LC honors local caregiver

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By Tom Wilmoth

    Since helping take care of her great-grandmother as a child, Amanda Garraghty Brown knew her calling in life.

    And she does it very well.
    Each year the Beard Center on Aging at Lynchburg College recognizes professionals who have promoted positive aging in our community at its annual conference on aging in June.
    This year, Brown, a Bedford County native, was the recipient of the “Professional Caregiver of the Year” award.
    Since 2009, Brown has worked as a professional caregiver with Bedford County Nursing Home and is a Restorative Certified Nursing Assistant. In this position, she helps residents maintain optimal health and functioning. In addition to her work, she is enrolled full time in the LPN program at the Bedford Science and Technology Center.
    Brown takes pride in her work.
    She embodies the definition of dependability; she is always there for her clients and has received recognition for her perfect attendance.
    “I was very surprised, it was a great honor to win an award like that,” Brown said.
    She was nominated for the award by the administration at the Bedford County Nursing Home.
    Brown said she helped her mom take care of her great-grandmother on two occasions which fueled her desire to become a caregiver. She and her mom attended school together at BSTC in the certified nurses assistant program. Now she is in her second year of BSTC’s LPN program; she will graduate next May.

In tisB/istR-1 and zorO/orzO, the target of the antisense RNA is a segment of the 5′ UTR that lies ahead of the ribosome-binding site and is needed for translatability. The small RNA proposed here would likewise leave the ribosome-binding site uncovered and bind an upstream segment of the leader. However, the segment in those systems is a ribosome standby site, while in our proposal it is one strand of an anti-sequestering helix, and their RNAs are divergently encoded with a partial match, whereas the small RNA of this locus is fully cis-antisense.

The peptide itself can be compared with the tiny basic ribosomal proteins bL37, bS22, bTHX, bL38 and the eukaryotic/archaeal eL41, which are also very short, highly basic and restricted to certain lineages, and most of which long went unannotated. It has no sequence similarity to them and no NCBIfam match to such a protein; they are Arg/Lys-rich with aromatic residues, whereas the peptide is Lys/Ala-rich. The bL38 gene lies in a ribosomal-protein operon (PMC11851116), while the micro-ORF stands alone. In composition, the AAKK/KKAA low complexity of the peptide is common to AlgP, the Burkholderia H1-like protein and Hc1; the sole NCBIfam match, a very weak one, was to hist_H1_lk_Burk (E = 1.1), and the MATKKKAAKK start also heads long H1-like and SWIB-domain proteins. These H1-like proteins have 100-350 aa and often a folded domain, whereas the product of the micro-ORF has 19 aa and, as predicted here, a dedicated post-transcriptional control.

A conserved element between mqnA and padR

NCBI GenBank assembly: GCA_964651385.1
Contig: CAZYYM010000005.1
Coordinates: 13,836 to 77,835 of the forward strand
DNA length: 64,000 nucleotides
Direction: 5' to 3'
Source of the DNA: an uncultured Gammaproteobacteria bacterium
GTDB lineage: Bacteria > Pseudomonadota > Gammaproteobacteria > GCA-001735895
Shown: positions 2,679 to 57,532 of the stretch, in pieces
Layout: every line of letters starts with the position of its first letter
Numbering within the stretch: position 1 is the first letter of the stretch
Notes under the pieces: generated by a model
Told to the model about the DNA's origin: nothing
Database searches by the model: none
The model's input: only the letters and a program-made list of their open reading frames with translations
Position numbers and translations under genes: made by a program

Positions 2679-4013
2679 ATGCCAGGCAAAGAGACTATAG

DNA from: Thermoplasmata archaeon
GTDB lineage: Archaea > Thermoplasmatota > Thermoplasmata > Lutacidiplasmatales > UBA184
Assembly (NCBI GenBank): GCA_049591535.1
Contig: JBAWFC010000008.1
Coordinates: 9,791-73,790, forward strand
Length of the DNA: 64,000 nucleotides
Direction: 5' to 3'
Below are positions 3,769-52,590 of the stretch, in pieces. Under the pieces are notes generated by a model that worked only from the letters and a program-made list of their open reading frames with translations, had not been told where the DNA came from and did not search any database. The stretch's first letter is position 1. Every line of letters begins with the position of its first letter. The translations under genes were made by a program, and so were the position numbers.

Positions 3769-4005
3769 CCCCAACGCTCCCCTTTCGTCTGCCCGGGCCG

She takes pride in her job and has great compassion for the people she takes care of.
    “I love working here with the county. I couldn’t ask for a greater group of people to work for,” she said of the staff at the county nursing home.  “It’s an excellent atmosphere. We have wonderful residents here. It’s a very nice facility.”
    Brown’s plan, after completing the LPN certification, is to go to an RN program.
    The 2002 Jefferson Forest High School graduate studied cosmetology while in high school. But she’s found her love in caregiving.
    “Anything I can do to make a difference in somebody’s life,” she said of the joy she receives from caregiving. “I have compassion for people.”
    Brown takes joy in having made a difference is someone’s life through her daily work. “If I’ve done that I feel complete,” she said. “I have so much joy in what I do.”
    Brown doesn’t miss work; she enjoys what she does too much for that.
    “I feel if you’re not here, the residents are missing out,” she said. “You have to be dedicated to your job and dedicated to what you do.”
    Brown appreciates those who nominated her for the award. Most of all, she appreciates the opportunity to be a caregiver.
    “Not everybody can do this type of job,” Brown said. “But somebody has to help; somebody has to do it. You have emotional days; you have happy days. Just to see a smile on somebody else’s face makes my day.”